Gov't helps snuff companies find new markets
Sweden prides itself on its relatively low smoking rates, which are often attributed to high rates of snuff use, especially among males. The Government uses this argument to lobby for snuff and open up new markets for Swedish industry, even though Sweden has signed the World Health Organisation's Tobacco Control Convention, which prohibits states from promoting or supporting any kind of tobacco use.
Taiwan has invested heavily in anti-smoking campaigns, but while cigarettes are going down, small, round containers with Swedish snuff, the moist tobacco users insert under the upper lip for a nicotine kick, are popping up in stores.
Swedish Match, Sweden's largest snuff manufacturer, is testing the market for snuff in Taiwan, among other countries. But the company is having problems. All marketing of tobacco products is forbidden in Taiwan. An American competitor tried to sell snuff in Taiwan a few years ago but gave up, according to the company's former PR consultant Tim Ferry.
"The score now is one for the government regulators and zero for the tobacco companies. I think the government has very effectively eliminated communications," says Tim Ferry.
But Swedish Match found a channel for its message, with the help of the Swedish Trade Council, which is 50 percent state owned. In July 2010, the Swedish Trade Council hosted a seminar about snuff with 15 people in a hotel in Taipei. They were there to hear what Taiwan could learn from Sweden in the fight against cigarette smoking. The seminar was paid for by private companies.
One of the speakers flown in from Sweden was Ulf Zetterström, a doctor and medical advisor to Swedish Match.
"I spoke about the view we have here that there is a potential correlation in Sweden between a diminishing number of cigarette smokers and a relatively high snuff use," Zetterström told Swedish Radio News.
Sweden has one of the lowest rates of smokers, especially among men, in the world. Many in the snuff industry attribute the low rates to snuff and its use as an aide to quit smoking. Zetterström says the seminar was attended by specialists from university hospitals, oncologists, ear, nose and throat doctors, pediatricians and public health specialists. He says that having the Trade Council hosting the seminar made it more neutral and credible.
That such a seminar took place surprises Tim Ferry. "I find that surprising because in the US nobody wants to touch tobacco and neither American Chamber of Commerce or the American Institute of Trade would ever do anything that would be seen as promoting or sponsoring or supporting the tobacco industry. That would be a public relations disaster," says Ferry.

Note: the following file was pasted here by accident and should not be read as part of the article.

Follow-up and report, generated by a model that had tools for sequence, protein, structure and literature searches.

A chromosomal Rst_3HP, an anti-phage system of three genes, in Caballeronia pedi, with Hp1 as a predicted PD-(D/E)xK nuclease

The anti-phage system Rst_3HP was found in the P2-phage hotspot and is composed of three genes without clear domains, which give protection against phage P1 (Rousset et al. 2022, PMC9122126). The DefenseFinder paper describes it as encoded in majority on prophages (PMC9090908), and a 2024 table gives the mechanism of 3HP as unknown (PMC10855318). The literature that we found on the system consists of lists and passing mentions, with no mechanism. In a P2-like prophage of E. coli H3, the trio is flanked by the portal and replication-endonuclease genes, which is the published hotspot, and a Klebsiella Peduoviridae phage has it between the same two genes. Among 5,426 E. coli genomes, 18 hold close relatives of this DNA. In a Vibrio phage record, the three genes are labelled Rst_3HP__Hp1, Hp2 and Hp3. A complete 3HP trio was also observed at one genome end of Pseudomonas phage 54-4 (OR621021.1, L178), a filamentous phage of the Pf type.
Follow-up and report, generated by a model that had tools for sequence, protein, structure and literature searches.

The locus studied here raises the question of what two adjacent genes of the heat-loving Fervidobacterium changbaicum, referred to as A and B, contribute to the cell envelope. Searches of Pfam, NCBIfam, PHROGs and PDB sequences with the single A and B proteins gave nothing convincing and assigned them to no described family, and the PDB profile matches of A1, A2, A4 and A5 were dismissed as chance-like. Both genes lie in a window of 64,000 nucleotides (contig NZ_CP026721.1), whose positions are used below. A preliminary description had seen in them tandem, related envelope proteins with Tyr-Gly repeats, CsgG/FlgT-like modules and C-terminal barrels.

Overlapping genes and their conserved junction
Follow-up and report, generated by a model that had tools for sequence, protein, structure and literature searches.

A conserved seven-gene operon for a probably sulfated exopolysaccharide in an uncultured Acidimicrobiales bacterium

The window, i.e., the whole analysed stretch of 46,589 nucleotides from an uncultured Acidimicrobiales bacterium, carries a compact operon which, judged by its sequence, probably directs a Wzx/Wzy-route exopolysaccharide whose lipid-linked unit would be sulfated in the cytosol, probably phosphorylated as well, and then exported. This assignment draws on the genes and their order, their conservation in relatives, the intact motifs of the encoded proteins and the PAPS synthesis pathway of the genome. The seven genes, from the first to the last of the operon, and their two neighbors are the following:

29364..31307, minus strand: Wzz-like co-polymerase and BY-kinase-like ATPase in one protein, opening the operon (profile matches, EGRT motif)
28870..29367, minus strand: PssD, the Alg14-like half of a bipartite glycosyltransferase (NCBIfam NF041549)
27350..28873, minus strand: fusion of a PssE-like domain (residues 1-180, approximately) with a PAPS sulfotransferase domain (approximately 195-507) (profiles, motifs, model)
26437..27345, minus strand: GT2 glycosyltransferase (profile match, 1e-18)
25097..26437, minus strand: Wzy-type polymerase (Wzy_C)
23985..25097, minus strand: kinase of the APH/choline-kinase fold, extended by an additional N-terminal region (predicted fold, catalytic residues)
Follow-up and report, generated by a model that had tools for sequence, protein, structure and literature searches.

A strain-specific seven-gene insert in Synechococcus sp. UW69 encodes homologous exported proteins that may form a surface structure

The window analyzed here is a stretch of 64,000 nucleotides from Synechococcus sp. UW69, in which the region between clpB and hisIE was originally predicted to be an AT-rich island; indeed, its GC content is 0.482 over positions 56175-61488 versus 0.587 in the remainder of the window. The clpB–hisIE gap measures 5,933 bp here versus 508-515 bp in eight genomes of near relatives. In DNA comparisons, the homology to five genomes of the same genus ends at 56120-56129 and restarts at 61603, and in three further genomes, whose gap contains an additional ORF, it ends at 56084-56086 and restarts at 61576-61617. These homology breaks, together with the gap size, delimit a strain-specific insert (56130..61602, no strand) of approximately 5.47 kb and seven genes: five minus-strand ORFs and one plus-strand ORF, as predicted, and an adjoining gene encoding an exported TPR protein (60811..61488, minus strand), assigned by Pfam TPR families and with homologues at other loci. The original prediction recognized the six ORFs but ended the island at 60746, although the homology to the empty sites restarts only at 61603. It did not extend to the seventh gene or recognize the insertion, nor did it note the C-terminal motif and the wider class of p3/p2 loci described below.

Both Sweden and the United States have signed the World Health Organization's anti-tobacco convention. According to the convention, the state may not give the tobacco any privileges or promote tobacco. In fact, the Government is supposed to work with other countries to reduce the use of cigarette smoking and snuff. The convention stipulates strict rules for marketing. Tobacco companies are only allowed to market their products to certain groups, such as employees, business partners and suppliers.
This winter the Swedish Export Council held a seminar in Moscow at the Swedish Embassy in connection with a legislative proposal forbidding snuff. Russia is one of Swedish Match's test markets, just like Canada where Trade Minister Eva Björling, who also lobbies the European Union to the lift the ban on snuff, raised the snuff issue. When she was there this past fall she expressed concern over a Canadian Bill to make certain flavor additives illegal, which would be a blow for the Swedish snuff market.
Anti-tobacco organisations say this violates the Tobacco Control Convention. Cynthia Callard is chairperson of the organisation Doctors for a Smoke-free Canada.
"There is a treaty that says it shouldn't happen. I think it was extremely inappropriate to make a gesture intended to discourage the Canadian Government from strengthening its tobacco laws," says Callard.
There is no doubt that cigarettes are worse than snuff. But Canada has been able to lower the cigarette rates to the same low level as in Sweden without the help of snuff.
Ulf Zetterström, the advisor, says that Swedish snuff would not have much of an effect on public health in Canada. "I think it would be marginal. Snuff is also a stimulant. It's not intended primarily is a quit smoking aide.